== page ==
There’s no story, just our individual and collective imaginations glorying in the dancers’ moves and the ICO spinning music like a silvery thread. Guy Clark’s costumes are as fresh as ever.

Brendon G. W. Elliott served as Guest Concertmaster for this combined ICO/DK/APA program. 

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Coming up for DK

“Classic to Contemporary” at Arts for Lawrence, June 3 and 4 at 8:00 p.m.; June 5 at 2:30 p.m. 

For information and tickets: https://www.indyartsguide.org/event/dance-kaleidoscope-classic-to-contemporary/

DK announced their 2022-2023 season:

IndyFringe, August 18-29; Carmina Burana, October 20-23 at the IRT, Wonders of the World, January 12-15 at The Shrott, Magical Decades Tour, March 23-26 at IRT, Scheherazade, June 1-4 at IRT.

August 5-6  on The District Theatre Mainstage, DK Dancer Natalie Clevenger, winner of the 2022

Beckmann Fellowship program with the Arts Council of Indianapolis is producing a concert dance performance. “The performance aims to give LGBTQ+ choreographers in the community space to create freely,” reads the email.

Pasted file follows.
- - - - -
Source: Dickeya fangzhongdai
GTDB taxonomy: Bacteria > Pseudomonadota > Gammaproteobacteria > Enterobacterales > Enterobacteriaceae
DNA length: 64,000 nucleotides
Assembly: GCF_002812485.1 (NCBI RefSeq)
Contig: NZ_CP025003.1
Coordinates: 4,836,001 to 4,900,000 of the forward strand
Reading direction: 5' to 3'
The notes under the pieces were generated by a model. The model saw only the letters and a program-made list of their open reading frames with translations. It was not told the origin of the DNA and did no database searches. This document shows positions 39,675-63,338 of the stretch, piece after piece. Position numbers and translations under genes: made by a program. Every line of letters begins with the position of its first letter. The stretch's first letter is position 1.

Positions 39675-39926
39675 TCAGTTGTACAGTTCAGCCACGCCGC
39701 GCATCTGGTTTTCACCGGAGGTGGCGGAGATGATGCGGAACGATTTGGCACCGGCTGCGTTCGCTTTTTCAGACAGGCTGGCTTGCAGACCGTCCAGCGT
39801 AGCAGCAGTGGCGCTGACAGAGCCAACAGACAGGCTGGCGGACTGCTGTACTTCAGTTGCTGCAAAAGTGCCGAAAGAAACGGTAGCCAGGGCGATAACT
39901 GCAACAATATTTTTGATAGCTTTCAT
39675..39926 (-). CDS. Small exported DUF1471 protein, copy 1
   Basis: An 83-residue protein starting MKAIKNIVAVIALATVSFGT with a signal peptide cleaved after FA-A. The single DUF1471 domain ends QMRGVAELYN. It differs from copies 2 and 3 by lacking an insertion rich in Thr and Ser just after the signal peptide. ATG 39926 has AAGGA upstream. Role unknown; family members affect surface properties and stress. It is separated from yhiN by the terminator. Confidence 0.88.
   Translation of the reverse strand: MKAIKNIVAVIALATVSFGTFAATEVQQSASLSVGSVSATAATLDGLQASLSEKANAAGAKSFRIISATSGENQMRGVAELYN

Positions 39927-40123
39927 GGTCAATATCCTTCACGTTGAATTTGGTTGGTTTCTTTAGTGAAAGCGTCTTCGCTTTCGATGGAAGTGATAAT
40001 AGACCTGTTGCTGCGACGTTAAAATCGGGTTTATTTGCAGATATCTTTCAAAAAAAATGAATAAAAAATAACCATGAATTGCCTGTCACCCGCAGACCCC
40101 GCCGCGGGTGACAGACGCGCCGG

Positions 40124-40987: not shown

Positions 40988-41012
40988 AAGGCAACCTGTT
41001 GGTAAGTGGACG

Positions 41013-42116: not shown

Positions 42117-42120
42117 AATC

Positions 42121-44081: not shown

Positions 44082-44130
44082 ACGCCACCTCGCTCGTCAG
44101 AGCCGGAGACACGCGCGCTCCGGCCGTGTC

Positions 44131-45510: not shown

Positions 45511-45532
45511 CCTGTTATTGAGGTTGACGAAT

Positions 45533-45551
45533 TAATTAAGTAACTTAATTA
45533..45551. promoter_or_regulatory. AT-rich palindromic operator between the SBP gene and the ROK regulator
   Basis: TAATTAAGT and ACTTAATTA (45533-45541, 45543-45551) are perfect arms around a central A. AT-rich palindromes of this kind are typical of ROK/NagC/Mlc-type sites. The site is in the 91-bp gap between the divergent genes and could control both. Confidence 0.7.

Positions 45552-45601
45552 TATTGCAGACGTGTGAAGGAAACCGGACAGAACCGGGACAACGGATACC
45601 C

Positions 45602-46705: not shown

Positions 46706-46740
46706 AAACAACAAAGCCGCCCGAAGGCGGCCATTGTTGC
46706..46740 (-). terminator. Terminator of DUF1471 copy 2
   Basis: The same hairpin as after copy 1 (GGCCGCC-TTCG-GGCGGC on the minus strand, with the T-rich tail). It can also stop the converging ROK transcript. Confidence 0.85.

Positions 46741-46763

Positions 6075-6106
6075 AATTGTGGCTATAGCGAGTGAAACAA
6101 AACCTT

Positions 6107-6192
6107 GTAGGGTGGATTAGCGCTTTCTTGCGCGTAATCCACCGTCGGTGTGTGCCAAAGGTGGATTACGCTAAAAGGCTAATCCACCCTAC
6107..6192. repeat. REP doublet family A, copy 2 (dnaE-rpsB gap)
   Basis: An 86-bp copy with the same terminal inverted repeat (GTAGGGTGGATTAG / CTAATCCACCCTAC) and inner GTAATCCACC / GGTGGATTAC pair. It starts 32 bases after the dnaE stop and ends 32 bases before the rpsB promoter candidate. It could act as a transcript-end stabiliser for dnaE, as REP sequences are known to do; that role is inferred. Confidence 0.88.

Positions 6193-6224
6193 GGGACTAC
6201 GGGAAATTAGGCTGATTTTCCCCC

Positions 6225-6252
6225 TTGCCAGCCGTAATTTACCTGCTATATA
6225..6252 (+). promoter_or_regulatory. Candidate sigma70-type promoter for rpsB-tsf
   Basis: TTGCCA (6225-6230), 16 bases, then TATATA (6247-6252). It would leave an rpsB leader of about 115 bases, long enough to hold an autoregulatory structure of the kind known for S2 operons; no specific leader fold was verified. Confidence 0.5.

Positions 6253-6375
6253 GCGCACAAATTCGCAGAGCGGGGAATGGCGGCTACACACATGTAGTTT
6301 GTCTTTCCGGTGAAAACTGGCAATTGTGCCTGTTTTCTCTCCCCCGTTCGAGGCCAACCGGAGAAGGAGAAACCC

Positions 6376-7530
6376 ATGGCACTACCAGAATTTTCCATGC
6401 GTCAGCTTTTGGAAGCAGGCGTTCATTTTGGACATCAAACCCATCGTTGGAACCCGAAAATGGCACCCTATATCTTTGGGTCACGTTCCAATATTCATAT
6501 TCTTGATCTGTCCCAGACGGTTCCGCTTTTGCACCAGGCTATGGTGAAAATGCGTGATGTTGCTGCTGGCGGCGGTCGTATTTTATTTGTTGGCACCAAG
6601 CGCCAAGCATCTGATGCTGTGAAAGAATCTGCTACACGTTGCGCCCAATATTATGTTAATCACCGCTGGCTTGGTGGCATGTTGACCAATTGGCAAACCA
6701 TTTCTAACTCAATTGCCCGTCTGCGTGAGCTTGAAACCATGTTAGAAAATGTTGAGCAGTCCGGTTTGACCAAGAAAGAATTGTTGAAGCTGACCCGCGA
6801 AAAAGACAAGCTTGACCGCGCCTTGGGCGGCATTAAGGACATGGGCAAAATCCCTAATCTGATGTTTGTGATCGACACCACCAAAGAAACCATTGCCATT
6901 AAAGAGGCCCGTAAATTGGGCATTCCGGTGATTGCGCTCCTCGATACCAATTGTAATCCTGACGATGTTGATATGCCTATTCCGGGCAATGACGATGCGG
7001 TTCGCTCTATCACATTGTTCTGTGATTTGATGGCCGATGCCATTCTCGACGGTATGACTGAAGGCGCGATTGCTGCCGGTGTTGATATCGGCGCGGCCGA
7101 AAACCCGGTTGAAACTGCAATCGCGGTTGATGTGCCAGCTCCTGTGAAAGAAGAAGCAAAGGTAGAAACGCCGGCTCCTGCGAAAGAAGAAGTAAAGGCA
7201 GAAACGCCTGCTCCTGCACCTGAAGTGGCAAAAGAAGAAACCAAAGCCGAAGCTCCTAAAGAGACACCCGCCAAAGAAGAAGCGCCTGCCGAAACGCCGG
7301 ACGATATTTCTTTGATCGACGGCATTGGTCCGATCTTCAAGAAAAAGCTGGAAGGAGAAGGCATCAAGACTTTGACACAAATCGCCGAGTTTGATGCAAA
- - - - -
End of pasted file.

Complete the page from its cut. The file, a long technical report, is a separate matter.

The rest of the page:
The ICO is announcing their 2022-2023 season at their June 4 fundraising concert.

Indianapolis Ballet’s 2022-2023 season:

Indy Fringe Festival August 18-September 4; Balancing Acts, September 23-25 at The Toby at Newfields; New Works, November 3-6 at The District Theatre; Nutcracker Sweets, December 9-11 at The Toby at Newfields; The Nutcracker, December 14-18 at The Murat Theatre at Old National Center; Love Springs Eternal, Feb. 17-19 at The Toby at Newfields; The Sleeping Beauty, April 21-23 at The Toby at Newfields; A Midsummer Night’s Dream, June 2-4 at The Toby at Newfields.

Images courtesy of Lora Olive